Asian markets witnessed choppy trade on Tuesday as concerns surrounding potential US military intervention in Syria weighed on investor sentiment.

The Shanghai Composite was trading 0.10% higher or 2.04 points to 2,098.51.

Hong Kong's Hang Seng was trading 0.58% lower or 127.37 points to 21,877.95.

The Japanese Nikkei finished 0.69% lower or 93.91 points to 13,542.37.

Australia's S&P/ASX finished 0.11% higher or 5.80 points to 5,141.20.

South Korea's Kospi finished 0.11% lower or 2.02 points to 1,885.84.

US Secretary of State John Kerry said on Monday that Syria should be held accountable for the use chemical weapons, suggesting the US could be preparing to wage a war against Syrian President Bashar al-Assad's regime.

"If war does eventuate, higher fuel prices are going to add a third impact point to emerging markets as their currencies were smashed again overnight," said IG Markets strategist Evan Lucas, referring to the fall in the Indian rupee, the Brazilian real and the South African rand.

"Until markets gain some certainty on the attacks we will likely see short term volatility in equity and commodity markets," said Tim Radford, global analyst at Rivkin Securities.

"At this stage, while governments continue to gather information on the matter, comments from politicians on the attacks should be taken with a grain of salt. It still remains unlikely, given the highly sensitive nature of the political environment in the Middle East, military action will be taken by the US government, particularly if there is no hard evidence the Syrian government was behind the attacks," Radford said.

In China, government data showed that the cumulative profits at major industrial firms rose 11.1% year-on-year during the January-to-July period.

China looks set to hit its full-year growth target of 7.5%. The government's statistics office tried to calm investors and the public who think the Chinese economy is slowing down too rapidly by revealing on Monday that it would expand by 7.5% this year.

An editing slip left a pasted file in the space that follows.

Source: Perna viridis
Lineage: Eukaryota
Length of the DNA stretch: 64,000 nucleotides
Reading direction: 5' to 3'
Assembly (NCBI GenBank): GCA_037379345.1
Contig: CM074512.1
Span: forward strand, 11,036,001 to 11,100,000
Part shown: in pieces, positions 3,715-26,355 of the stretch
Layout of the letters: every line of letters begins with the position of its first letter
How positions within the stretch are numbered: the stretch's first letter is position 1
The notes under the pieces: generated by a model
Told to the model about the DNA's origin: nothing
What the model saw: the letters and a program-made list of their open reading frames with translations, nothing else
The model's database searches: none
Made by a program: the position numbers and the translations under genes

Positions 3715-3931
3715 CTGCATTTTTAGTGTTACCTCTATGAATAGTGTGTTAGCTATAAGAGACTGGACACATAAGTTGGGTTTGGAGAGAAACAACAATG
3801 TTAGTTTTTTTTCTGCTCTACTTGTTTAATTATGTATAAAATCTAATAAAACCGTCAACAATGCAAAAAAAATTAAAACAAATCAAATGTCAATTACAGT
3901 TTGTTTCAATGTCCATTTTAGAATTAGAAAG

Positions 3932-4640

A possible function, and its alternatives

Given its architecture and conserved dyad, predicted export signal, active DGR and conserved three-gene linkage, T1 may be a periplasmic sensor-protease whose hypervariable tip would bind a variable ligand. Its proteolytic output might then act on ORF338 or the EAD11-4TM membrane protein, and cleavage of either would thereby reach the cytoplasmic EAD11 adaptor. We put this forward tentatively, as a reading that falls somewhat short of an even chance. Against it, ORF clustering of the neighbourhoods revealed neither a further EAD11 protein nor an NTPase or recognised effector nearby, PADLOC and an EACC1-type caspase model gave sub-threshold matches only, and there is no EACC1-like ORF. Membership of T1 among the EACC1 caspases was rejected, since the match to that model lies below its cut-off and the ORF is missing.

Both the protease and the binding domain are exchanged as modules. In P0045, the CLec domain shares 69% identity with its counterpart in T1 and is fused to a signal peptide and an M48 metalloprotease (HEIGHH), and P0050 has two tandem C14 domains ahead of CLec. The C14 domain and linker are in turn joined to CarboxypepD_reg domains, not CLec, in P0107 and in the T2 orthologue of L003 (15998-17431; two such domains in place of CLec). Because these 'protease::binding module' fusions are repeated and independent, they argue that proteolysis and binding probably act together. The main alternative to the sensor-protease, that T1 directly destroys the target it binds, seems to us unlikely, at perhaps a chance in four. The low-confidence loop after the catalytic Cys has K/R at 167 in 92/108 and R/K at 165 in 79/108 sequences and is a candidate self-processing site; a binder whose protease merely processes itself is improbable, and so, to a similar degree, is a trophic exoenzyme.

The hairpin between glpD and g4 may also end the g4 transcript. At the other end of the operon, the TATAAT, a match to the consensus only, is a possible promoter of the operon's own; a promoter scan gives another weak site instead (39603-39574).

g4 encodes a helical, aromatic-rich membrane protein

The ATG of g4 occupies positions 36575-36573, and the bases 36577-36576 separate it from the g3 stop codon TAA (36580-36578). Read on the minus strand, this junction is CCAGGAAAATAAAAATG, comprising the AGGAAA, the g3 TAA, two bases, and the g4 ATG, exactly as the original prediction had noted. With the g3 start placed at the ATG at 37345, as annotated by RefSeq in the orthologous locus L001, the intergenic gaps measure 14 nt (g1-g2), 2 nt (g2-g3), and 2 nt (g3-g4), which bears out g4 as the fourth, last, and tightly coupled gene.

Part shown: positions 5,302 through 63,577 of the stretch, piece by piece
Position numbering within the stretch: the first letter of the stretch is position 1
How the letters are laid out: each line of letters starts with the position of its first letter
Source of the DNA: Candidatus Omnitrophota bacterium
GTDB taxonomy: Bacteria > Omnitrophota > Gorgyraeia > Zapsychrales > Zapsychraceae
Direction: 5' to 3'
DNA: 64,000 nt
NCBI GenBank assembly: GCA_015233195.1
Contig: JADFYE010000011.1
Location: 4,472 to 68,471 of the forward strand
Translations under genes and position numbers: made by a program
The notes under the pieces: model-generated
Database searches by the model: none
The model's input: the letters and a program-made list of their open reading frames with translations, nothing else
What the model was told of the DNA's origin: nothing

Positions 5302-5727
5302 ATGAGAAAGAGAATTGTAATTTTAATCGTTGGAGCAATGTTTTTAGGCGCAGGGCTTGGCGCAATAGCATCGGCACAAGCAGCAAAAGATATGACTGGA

Wall Street Down

On Wall Street, indices ended lower on Monday following US Secretary of State John Kerry's comment.

The Dow finished 64.05 points lower at 14,946.46, pulled down by Proctor & Gamble and Microsoft.

The S&P 500 closed 6.72 points lower at 1,656.78 while the Nasdaq ended 0.22 points lower at 3,657.57.

Company Stock Movements

In Tokyo, utility firm Tokyo Electric Power Company rallied 14%. The Japanese government could pledge funds for the clean-up efforts at the polluted Fukushima Daiichi nuclear power plant. Japan has a 350bn yen (£2.64bn, €2.27bn , $3.54bn) reserve fund that covers natural disasters and other emergencies.

Sumitomo Metal Mining added 1.7% on news of a better profit outlook at the company.

Retailers Takashimaya and Isetan shed 3% each while Hitachi Construction Machinery lost 1.1%. Automaker Isuzu Motors and rival Toyota Motor were down 0.7% and 0.6% respectively.

Oil and gas major Inpex shed 0.2%. Energy stocks were down after US benchmark crude oil prices pared early gains. News of potential US intervention in Syria had pushed up oil prices earlier.

In Shanghai, Shanghai Jinqiao Export Processing Zone Development and Shanghai International Port Group gained 10% each.

China Shipping Container Lines added 3.4% while Dongfeng Automobile added 1.4%. Automakers Guanghzhou Auto and FAW shed over 2% each.

China Construction Bank shed 0.7% on news that its non-performing loan ratio was below 1% at the end of 30 June.

In Hong Kong, energy major Cnooc shed 0.9%.

In Sydney, surf wear brand Billabong International fell 9.7% after the company reported a massive A$860m ($776m) loss in the year to June. Rising competition, falling demand and a huge debt burden have hit the 40-year old company.

Television network Seven Group dropped 8% after it predicted an up to 40% drop in 2014 earnings before interest and taxes.

Whitehaven Coal lost 2% after it reported an $82.2m full-year loss while oil and gas major Santos shed 0.9%.

Australia's largest travel agency Flight Centre shot up 6.5% after it reported a 23% jump in full-year profit.

In Seoul, Hyundai Motor gained over 1% after wage talks with its labour union resumed on Tuesday.